Two Minutes with a VC is a series of quick interviews with VCs from the Middle East & North Africa.
Sonia is one of the Founding Partners of VentureSouq, a Dubai-based investment platform that enables individuals to invest in high-growth technology companies all around the world. VentureSouq’s portfolio includes over 90 startups including the big names like Andela, Frontier Car Group, Onfido, What3Words, Zoomcar, Telfaz11, and Souqalmal.
Previously, Sonia was a consultant to an investment professional in the Global Special Situations Group of Abu Dhabi Investment Council (ADIC), a large sovereign wealth fund based in the UAE, focusing on venture capital and tech deals. Prior to this role, she was an Actuarial Consultant at Mercer Human Resource Consulting in its Dubai and Toronto offices.
She obtained a BSc from the University of Toronto (with distinction) and majored in Actuarial Science and Statistics and is a Fellow of the Society of Actuaries. Here’s our quick chat with her.
How’d you get into venture capital?
I started as an angel investor. My husband and co-founder at VentureSouq, Suneel, and I were previously investing in traditional asset classes – real estate, listed shares, etc. But, we were young and wanted to take on riskier investments. The fear of missing out got the best of me and we started to make a few angel investments before we moved to Dubai. Those investments taught me so much about how to be an investor and what to look for and what to be wary of in terms of red flags. It was not long before we were actively looking for more opportunities. We started VentureSouq along with our other partners Sonia Weymuller, Maan Eshgi and Tammer Qaddumi to create a platform to democratize investing in early-stage tech companies and make global venture deals are more accessible.
What’s a day in your life as a VC like?
Every day is very different. Some days we are fund-raisers and other days we are screening companies, but every day we are investors that are looking to invest in start-ups that are changing the world. My day is usually filled with meetings with investors or family offices looking to invest into VentureSouq opportunities or start-ups looking for funding. Everyone on our team rolls up their sleeves and due diligences the companies in our pipeline for a potential VentureSouq investment. I’m an actuary so I enjoy sinking into the financials/projections and key metrics of the business. Since VentureSouq has a global portfolio the day moves from meetings to calls with the rest of the world as Africa, Europe, and the US wake up for the day. My workday usually ends with calls with portfolio companies, companies looking for funding and other VC investors we co-invest with in the US/Bay Area.
What is it that you love about being a VC?
Since we are investors that are global and sector agnostic, we get to see the latest technologies from all over the world. The is the best part of the job. We get to witness innovation as it evolves, which I consider a real privilege.
What is it that you look for in startups/founders when making an investment?
Our best founders are all on a mission to build a product or service that solves a real-life problem; basically, something that the world is not doing efficiently. I look for founders that are incredibly hard-working, that reach for the stars but are able to identify their own limits and fill those gaps. A good founder is insanely curious, a problem solver and knows her business and the industry she is disrupting inside and out.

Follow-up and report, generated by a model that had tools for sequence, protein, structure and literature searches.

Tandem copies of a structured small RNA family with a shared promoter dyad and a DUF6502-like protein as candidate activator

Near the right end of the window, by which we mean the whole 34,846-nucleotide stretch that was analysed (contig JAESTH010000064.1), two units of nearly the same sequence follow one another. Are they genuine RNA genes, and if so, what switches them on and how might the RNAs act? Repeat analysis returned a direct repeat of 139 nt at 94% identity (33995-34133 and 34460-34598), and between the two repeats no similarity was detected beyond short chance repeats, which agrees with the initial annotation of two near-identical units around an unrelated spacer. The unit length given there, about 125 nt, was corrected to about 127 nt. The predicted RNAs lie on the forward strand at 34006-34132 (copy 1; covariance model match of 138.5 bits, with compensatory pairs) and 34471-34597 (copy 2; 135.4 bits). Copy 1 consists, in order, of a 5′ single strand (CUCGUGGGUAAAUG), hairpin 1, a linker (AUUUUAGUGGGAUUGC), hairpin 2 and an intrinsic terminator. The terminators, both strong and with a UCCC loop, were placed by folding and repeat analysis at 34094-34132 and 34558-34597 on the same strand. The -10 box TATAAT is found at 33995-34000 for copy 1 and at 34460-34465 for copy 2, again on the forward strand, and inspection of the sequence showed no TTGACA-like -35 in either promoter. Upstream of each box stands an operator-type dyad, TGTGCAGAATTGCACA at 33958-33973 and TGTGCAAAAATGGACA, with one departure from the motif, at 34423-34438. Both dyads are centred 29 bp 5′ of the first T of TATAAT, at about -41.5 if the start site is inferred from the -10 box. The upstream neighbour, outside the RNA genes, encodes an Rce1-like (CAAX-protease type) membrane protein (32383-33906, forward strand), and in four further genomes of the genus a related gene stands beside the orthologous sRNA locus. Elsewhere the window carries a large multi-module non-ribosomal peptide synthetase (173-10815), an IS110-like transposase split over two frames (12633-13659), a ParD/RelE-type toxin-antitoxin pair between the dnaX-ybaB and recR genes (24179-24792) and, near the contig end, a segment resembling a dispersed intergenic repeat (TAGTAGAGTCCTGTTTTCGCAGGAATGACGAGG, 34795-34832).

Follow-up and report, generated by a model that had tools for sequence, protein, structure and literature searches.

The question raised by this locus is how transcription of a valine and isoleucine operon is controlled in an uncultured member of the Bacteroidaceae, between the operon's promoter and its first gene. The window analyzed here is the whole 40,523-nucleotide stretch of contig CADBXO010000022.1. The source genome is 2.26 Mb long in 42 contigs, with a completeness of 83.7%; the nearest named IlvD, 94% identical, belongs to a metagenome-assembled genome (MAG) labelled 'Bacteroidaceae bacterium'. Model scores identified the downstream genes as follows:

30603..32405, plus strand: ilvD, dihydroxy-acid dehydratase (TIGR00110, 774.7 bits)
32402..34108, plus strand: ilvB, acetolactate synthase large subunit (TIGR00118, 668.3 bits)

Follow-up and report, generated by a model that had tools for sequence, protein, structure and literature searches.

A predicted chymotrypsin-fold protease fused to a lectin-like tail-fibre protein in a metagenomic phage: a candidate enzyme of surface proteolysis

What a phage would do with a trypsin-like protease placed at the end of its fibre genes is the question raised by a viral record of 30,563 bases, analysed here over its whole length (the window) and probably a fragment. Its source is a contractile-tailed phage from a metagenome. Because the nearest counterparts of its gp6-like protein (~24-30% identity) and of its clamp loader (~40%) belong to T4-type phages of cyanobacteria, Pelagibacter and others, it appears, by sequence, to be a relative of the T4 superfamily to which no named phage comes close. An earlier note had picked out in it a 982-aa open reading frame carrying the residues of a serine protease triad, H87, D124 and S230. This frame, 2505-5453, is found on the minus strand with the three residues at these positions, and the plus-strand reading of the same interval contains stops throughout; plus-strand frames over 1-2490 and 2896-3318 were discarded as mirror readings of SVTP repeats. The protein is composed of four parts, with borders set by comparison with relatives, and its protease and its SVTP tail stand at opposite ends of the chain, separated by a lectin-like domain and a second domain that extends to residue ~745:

What’s the biggest turn-off for you in a startup pitch?
Egos are the biggest turn-off. A start-up is about learning and adapting.
A piece of advice for first-time founders?
Focus on fundamentals, the rest is smoke, mirrors, and hype. If your business is solving an inefficiency in the world or a real-life problem, is scalable to a large market and your product can be offered at a price that has good, healthy margins – you’ve got a winning combination.
If you could go back in time and invest in one MENA-based startup that’s not in your portfolio, who would that be?
Of course Careem! Careem was just slightly before our time, as institutional investors at VentueSouq. It’s a great success story for the region that paved the way for so many start-ups to follow. Careem was able to expand across the MENA region (which still is a challenge), customize the product for the local markets and is a very desirable place for people to work through its internal culture.
You have made investments in many American & Indian startups as well. What’s one thing you’d want MENA to learn from those ecosystems?
We travel to the US and India often searching for innovative start-ups. There are a few things that both American and Indian start-ups have in common – high quality, hard-working, well-educated founders and teams, large addressable markets and the ability to produce a product with healthy gross margins. MENA has all of these things, we just need to make it easier to expand/scale across the region.
What’s your favorite tech product/tool?
I’m a sucker for any app that makes my life easier. I am a mom of a young toddler so, like many moms, I need to juggle work and home life. There is no time to roam the aisles of the grocery store so I run our household on my phone! I use the latest local apps for grocery delivery, dry cleaning, shoe repair, shopping for diapers and even petrol for the car. My life is infinitely easier because everything gets delivered to my front door and is well-priced.
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